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Data reconciliation is a challenge for applications that are built upon multiple systems, in case of multiple systems; data is sent by sender system(s) and received by receiver system(s). Data across systems has to be valid for it to be useful for enterprise systems. When data is sent across systems, errors inadvertently creep in. These errors must be tracked and rectified for the upkeep of data consistency in enterprise systems. This may require manual or intelligent reconciliation of the disparate data across systems. Systems must be set up to ensure that accurate data are sent to production and from production. Inadvertent errors may result in problems in production & production support. Further, due to inaccurate data, processes that follow will also encounter issues.

The banking Industry typically has a heterogeneous system landscape, with many different systems involved in the banking process, exchanging a huge number of transactions between each other. Each time data is sent to two or more systems, there arises a potential risk of data inconsistency and a reconciliation mechanism needs be implemented to ensure data consistency. Usually, this is solved with dedicated applications for each specific scenario, which leads to an even more heterogeneous landscape and multiple data silos. To adhere to the product standard ITSAM we need to ensure data consistency across disparate systems.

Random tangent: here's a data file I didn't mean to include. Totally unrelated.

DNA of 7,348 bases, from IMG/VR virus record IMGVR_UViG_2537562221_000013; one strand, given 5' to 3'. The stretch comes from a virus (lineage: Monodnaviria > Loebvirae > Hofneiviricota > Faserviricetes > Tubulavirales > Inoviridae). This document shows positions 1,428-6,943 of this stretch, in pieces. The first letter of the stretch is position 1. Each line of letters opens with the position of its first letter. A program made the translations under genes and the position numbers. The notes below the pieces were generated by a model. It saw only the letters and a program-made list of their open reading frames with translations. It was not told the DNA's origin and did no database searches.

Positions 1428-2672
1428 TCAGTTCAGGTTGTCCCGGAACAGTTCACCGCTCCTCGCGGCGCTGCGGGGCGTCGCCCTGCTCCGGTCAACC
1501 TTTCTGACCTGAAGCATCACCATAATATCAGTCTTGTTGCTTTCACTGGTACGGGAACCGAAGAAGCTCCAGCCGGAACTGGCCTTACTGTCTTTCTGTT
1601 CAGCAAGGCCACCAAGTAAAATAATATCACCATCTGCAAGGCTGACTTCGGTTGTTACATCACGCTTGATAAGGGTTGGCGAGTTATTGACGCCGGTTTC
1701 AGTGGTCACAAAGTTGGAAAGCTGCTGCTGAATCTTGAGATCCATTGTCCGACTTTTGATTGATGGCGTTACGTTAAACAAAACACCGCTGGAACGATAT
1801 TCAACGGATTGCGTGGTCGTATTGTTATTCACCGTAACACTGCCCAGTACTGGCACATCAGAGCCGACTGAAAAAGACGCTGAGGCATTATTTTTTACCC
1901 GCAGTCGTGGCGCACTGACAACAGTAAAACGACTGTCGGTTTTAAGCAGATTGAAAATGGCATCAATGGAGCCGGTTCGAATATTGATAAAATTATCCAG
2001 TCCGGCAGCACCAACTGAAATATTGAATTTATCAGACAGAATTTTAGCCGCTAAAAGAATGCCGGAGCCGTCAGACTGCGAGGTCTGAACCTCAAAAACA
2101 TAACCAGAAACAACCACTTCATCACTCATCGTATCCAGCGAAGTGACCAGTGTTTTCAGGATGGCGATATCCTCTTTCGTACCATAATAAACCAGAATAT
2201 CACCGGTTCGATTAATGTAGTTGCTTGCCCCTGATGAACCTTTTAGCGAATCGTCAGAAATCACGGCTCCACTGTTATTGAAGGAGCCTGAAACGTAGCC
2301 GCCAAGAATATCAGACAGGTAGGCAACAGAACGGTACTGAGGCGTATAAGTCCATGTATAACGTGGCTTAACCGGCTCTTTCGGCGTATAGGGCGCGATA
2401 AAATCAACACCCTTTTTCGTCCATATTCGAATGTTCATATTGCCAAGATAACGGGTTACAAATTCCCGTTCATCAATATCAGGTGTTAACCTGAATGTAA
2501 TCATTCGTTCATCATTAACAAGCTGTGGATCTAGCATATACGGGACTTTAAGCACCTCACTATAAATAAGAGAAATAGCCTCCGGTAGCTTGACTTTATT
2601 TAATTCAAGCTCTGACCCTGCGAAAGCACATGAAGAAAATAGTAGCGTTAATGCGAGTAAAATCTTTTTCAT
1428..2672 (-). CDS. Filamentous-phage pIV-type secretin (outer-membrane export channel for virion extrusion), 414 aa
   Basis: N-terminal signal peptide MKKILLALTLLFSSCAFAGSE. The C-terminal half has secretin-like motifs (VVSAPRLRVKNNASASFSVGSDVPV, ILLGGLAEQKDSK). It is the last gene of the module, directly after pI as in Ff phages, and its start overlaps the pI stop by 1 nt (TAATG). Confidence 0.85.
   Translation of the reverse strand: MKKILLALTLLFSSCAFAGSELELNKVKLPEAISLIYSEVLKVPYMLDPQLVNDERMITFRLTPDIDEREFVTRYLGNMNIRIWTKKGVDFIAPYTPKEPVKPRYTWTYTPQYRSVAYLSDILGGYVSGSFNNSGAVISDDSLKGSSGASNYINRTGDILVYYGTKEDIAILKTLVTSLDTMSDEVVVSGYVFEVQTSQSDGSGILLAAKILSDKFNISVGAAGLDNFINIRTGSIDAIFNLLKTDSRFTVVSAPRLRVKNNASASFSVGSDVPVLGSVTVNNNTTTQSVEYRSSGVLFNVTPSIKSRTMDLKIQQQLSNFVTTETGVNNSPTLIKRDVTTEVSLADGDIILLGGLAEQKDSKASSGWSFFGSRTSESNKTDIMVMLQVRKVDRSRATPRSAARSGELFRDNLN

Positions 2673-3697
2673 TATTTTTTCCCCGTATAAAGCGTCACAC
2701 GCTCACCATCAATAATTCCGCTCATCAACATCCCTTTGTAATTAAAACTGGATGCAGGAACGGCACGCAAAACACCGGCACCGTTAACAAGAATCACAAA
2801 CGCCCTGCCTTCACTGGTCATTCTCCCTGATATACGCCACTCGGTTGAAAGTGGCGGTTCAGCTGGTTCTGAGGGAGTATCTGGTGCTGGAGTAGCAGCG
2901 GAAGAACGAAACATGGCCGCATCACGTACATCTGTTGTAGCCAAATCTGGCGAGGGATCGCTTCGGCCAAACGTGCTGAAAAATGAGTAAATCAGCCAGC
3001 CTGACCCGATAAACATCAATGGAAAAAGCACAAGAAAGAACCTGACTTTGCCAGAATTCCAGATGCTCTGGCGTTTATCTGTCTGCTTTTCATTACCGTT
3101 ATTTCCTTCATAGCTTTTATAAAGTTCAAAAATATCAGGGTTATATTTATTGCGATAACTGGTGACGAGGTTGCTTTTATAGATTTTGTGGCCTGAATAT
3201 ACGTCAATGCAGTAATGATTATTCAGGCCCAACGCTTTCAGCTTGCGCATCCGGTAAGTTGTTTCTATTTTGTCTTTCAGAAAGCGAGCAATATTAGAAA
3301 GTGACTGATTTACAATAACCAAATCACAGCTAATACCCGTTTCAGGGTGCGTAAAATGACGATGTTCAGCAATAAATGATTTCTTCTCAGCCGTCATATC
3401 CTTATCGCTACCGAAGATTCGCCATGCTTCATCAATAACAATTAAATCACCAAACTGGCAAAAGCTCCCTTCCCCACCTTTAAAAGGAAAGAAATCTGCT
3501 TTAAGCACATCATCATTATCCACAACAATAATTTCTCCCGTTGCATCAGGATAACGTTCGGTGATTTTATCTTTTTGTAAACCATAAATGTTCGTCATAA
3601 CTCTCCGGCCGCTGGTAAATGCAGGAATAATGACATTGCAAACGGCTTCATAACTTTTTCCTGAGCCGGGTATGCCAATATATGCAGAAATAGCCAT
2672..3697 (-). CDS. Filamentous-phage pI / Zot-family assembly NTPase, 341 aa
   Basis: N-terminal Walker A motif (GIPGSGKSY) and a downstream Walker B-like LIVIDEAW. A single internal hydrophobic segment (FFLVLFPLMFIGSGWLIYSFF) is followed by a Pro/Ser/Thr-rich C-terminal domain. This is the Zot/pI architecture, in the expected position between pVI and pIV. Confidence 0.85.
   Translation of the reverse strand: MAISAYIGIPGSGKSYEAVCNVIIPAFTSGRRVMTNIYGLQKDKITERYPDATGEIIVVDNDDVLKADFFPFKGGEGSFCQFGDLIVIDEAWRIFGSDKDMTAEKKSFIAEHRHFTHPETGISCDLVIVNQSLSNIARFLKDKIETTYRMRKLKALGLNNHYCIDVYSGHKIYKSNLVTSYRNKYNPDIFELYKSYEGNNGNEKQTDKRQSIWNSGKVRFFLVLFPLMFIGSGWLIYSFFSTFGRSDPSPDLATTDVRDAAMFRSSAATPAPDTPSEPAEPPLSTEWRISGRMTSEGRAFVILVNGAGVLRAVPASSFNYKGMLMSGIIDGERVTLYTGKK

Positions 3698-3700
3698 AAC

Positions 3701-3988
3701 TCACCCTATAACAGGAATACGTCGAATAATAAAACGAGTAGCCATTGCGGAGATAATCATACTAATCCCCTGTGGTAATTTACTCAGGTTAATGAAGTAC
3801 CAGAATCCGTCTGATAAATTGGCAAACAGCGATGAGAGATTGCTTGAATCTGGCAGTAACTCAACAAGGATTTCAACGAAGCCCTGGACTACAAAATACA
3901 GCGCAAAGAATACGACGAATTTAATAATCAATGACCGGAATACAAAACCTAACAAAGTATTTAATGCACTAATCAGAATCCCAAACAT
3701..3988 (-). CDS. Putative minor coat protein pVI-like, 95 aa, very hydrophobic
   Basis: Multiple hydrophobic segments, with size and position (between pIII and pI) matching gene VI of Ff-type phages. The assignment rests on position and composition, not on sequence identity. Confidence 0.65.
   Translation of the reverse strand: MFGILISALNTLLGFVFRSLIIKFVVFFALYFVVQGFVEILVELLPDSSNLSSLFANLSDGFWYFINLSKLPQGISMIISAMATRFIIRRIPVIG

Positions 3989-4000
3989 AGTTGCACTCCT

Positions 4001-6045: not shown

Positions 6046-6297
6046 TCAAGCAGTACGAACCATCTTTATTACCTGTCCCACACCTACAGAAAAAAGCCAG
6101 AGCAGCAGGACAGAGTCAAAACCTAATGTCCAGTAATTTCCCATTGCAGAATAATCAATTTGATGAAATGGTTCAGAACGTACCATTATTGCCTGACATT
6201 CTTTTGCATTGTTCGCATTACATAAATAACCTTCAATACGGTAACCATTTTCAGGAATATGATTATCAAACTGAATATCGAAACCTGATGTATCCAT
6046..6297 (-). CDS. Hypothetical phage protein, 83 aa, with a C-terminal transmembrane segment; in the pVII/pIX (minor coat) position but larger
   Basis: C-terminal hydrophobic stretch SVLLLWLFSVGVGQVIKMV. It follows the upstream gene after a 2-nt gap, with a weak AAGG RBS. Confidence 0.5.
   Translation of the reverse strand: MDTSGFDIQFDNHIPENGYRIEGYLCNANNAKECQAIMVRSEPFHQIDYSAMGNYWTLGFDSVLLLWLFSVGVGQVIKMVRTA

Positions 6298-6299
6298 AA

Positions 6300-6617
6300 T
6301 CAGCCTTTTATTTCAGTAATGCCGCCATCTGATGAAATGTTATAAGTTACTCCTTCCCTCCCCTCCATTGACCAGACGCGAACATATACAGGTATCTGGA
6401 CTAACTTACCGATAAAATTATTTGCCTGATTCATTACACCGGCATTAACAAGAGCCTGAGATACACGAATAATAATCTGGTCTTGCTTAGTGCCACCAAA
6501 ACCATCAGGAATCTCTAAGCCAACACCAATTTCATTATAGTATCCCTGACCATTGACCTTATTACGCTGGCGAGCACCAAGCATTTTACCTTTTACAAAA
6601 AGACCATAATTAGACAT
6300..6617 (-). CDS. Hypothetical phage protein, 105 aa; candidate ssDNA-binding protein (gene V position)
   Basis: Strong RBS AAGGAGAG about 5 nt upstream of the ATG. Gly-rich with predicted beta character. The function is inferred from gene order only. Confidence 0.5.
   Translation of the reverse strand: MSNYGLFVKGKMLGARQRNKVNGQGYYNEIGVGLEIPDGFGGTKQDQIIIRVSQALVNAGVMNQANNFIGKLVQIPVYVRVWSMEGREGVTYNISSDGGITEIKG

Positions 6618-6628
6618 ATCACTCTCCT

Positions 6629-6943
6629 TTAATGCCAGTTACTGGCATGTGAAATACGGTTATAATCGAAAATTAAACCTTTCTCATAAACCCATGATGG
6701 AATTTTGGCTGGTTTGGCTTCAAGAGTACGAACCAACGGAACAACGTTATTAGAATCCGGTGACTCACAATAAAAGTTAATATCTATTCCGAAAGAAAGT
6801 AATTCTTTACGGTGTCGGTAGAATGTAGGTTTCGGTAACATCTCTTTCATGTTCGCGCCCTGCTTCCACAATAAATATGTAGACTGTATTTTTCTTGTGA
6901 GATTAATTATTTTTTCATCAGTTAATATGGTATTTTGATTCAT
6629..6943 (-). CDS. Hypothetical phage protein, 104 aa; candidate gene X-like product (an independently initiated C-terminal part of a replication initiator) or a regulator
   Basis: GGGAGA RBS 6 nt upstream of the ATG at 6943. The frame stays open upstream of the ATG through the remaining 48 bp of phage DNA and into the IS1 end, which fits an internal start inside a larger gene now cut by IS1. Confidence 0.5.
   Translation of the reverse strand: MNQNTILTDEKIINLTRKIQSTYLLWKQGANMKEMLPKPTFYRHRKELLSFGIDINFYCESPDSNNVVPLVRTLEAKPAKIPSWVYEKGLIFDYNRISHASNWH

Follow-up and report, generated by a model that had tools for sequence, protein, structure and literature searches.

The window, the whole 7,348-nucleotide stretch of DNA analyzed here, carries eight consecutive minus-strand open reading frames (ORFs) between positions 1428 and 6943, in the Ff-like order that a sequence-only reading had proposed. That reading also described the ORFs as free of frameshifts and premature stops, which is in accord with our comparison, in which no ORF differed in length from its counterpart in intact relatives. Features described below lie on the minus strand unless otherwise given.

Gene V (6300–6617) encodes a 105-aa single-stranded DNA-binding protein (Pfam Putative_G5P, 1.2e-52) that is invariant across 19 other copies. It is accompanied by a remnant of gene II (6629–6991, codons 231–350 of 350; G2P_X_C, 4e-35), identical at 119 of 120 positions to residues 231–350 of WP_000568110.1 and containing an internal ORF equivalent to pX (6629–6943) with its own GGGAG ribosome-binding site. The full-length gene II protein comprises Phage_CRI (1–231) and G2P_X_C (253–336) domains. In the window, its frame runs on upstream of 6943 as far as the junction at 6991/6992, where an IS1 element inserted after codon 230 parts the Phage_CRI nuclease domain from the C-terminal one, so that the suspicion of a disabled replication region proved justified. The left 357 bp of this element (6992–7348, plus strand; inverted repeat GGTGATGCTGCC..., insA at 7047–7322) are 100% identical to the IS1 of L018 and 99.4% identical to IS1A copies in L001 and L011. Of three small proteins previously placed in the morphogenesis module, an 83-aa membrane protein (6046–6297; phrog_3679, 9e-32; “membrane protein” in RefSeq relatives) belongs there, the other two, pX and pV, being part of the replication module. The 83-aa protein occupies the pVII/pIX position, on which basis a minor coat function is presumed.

SAP banking implementation projects always face the requirement to provide a solution for the reconciliation of at least the involved SAP systems, if not all involved systems including third party products and legacy systems. If no consistent reconciliation strategy exists, projects need to find a customer specific
solution, which can be a considerable cost driver. Instead of having a specific solution at each customer, which leads to more complexity, we have now a unified approach to solve the issue of reconciling data.

In the production system,customers face several inconsistencies in the Loans management and FICAx (open item management) system in the area of billing, Payment distribution, and open item clearing. As billing documents creation, payment distribution, & open items clearing are separate asynchronous processes, the differences cause inconsistent data across the systems. This in turn affects the subsequent asynchronous processes such as invoicing.